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From "ara.t.howard" <ara.t.how...@gmail.com>
Subject Re: When to use CouchDB, when not to...
Date Tue, 14 Oct 2008 01:04:59 GMT

On Oct 13, 2008, at 5:50 PM, Mike Malone wrote:

>> i'd contend, however that you'd really have to structure you app in  
>> a very
>> bad way to have any the db schema be of consequence.  there are  
>> indexes and
>> there is caching at many levels.  hitting the app and db for ever  
>> request
>> doesn't scale period.  in fact, rdbms don't scale well anyhow - not  
>> if you
>> count 'easily' in your criteria that is.  anyone who has every  
>> tried tried
>> to setup high-availability db backends knows this.  again though,  
>> this is a
>> point where couchdb could really shine - they look to have  
>> addressed this
>> from the get go.
>>
>
> I'm not sure I follow... seems like you're contradicting yourself  
> here a
> bit. I agree with the second part - RDBMSs don't scale well. At a high
> level, for most web applications they're more or less a single  
> "thread,"
> creating a bottleneck in a system that can otherwise scale  
> horizontally. Of
> course you can shard, creating additional "threads," but that's not  
> a at all
> a straightforward process.
>
> With that in mind, I'd say that you have to structure your  
> application very
> carefully in order for the DB layer to scale. The DB schema is  
> critical
> here, you must denormalize and carefully shard your data in order to  
> scale.
> Normalizing your schema to the extent you described earlier, in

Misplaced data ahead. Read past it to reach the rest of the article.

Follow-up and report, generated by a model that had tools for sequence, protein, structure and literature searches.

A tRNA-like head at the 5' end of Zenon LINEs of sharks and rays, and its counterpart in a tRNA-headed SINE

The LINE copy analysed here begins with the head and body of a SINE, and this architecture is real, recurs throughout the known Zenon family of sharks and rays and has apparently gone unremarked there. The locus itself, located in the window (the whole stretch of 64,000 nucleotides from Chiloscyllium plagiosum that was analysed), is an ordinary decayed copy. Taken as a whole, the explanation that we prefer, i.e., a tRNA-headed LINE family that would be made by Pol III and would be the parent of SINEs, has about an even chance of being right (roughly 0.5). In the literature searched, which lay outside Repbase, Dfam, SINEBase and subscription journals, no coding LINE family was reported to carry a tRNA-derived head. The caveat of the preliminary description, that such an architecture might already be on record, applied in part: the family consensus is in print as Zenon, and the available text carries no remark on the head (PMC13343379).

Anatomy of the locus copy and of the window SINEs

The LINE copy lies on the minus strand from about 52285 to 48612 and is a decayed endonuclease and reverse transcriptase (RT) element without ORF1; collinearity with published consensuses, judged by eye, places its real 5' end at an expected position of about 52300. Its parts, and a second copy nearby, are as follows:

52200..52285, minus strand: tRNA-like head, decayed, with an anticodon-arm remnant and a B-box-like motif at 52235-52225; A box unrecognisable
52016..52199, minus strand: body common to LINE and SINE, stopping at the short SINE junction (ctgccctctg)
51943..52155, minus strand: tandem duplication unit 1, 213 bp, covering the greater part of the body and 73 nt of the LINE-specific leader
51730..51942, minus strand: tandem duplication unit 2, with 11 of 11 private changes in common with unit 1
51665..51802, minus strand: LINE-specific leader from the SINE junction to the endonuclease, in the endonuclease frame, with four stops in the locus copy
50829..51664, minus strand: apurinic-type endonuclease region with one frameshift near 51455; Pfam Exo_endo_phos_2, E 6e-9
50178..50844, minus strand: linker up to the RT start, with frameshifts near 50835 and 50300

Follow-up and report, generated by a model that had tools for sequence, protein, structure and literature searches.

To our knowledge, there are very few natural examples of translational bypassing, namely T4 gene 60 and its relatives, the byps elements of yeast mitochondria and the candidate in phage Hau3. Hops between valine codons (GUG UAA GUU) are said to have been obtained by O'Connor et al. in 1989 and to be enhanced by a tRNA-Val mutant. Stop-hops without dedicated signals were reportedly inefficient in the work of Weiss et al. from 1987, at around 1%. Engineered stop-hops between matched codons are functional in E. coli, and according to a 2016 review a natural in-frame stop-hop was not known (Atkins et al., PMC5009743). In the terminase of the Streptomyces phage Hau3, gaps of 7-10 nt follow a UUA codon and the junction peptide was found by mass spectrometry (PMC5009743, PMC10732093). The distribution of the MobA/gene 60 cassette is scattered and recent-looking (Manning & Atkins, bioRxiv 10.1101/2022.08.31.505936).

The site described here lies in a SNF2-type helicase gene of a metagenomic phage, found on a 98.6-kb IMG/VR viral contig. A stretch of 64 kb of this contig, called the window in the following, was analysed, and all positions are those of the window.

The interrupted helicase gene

> order to
> allow "dynamic properties," would destroy performance on a highly  
> trafficed
> web application. Sure, you can cache, but you still need to read  
> from the DB
> for new or invalidated items.
>
> The sort of architecture I've been contemplating is one where certain
> heavyweight entities in the application would be stored in CouchDB  
> while
> other lighter weight/more relational entities would remain in the  
> RDBMS.
> Suppose I were designing a messaging system, for instance. I may  
> store basic
> User information in an RDBMS, along with social graph information,  
> and an
> "inbox" table that stores the id of each Message sent to each User  
> (some of
> these tables would still need to be sharded at some point). The  
> Messages
> themselves I'd store in CouchDB. I may also put certain extended  
> Profile
> information for Users in CouchDB.
>
> Anyways, I'm fairly new to document-based databases and my intuition  
> may be
> wrong here (please correct me if it is) but it seems to me that  
> CouchDB can
> be used alongside a more traditional RDBMS in this way.
>
> Mike

sure - i agreed totally.  by 'does not scale' i meant once you want to  
move beyond one machine - then it's such a royal PITA.  of course the  
schema is important at a high level, but a relationship here or there  
shouldn't make or break performance.

i'm working on a similar mixture of storage at the moment - but the  
thought of replication and scaling makes me a bit queasy.  the beauty  
of couchdb is the concept that everything talks http which should  
provide mechanisms for really novel scaling strategies to emerge.

cheers.

a @ http://codeforpeople.com/
--
we can deny everything, except that we have the possibility of being  
better. simply reflect on that.
h.h. the 14th dalai lama




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